Those weary of reading gloomy news as a stubbornly slow economy grinds along can take heart as such words as “recovery” and “rebound” start appearing in headlines. By many accounts, the economic news is improving, if not markedly so.
The latest economic outlook report from the University of Colorado is especially upbeat in forecasting business and labor conditions for 2013. According to the latest version of the annual report, economic recovery is expected to continue in Mesa County next year with growth in industries, payrolls and wages. The statewide outlook is much the same.
Richard Wobbekind, an economist who also serves as executive director of the Leeds School of Business at CU, put it this way: “We see a very positive environment for 2013.” By the way, Wobbekind is scheduled to present the findings of the 2013 report in person at a quarterly meeting of the Grand Junction Area Chamber of Commerce scheduled for Dec. 10 at the Grand Vista Hotel.
In Mesa County, payrolls are expected to edge up to 65,115 in 2013 with job growth in the health care sector in particular. Average annual wages in the county are forecast to continue to rise as well.
Statewide, Wobbekind said he projects Colorado to rank among the top 10 states for job growth next year with the addition of 42,100 positions. Nearly every sector of the economy is predicted to grow.
There’s other good news to report in the rebound of real estate transactions in Mesa County. With a month still left to go in 2012, real estate sales already have topped year-end totals for the past three years. The dollar volume of 2012 sales has climbed to its highest level since 2009.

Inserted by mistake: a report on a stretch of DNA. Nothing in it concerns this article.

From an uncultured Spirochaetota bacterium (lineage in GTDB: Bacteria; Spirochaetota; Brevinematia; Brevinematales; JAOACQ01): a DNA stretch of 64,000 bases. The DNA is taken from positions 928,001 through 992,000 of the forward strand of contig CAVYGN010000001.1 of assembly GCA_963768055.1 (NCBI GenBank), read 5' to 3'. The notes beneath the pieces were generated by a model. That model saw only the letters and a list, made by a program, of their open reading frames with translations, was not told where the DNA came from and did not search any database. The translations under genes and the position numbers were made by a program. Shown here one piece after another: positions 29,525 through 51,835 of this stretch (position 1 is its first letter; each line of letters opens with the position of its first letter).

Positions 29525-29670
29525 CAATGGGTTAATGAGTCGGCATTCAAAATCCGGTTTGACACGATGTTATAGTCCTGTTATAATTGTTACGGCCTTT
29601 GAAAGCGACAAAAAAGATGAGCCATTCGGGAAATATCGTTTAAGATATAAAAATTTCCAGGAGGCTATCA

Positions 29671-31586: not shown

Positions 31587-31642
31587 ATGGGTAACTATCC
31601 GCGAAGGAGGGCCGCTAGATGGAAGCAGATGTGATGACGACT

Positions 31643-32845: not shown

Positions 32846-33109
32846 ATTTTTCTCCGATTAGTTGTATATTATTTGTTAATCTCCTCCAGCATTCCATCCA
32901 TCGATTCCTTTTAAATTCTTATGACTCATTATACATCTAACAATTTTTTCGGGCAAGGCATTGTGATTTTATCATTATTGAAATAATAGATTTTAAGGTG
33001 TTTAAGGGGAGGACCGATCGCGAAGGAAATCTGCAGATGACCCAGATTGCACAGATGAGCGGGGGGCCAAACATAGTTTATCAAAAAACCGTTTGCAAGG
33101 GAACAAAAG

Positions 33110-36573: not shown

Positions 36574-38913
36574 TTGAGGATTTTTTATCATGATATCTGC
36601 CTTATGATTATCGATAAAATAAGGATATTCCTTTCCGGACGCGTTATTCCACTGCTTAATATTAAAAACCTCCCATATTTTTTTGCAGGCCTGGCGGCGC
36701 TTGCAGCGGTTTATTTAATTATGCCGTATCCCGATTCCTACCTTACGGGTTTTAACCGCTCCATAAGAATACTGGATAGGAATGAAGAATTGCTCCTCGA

Nationally, a monthly measure of consumer confidence climbed to its highest level in five years on increasingly upbeat expectations for improving business and labor conditions.
On the other hand, a number of factors prevent what could be an even more robust economic recovery — chief among them the ongoing wrangling in Washington over the so-called fiscal cliff of federal tax increases and spending cuts scheduled to take effect next year. Given the threat of a return to recession if the U.S. plunges off the cliff, it would seem sensible that Congress and President Barack Obama would come to some sort of compromise to avoid that possibility. As of press time, however, politics continued to trump national interests.
Ultimately, what businesses and consumers desire most is more certainty — in economic conditions, to be sure, but also in taxes and regulations.
It’s difficult for business owners to make hiring decisions or for consumers to make purchasing decisions when they don’t know what’s going to happen next. It’s as if they’re waiting for the other shoe to drop.
Good economic news is welcome. Here’s hoping 2013 does, in fact, bring a lot more of it. But what’s needed is more certainty. Here’s hoping we’ll get at least a measure of that, too.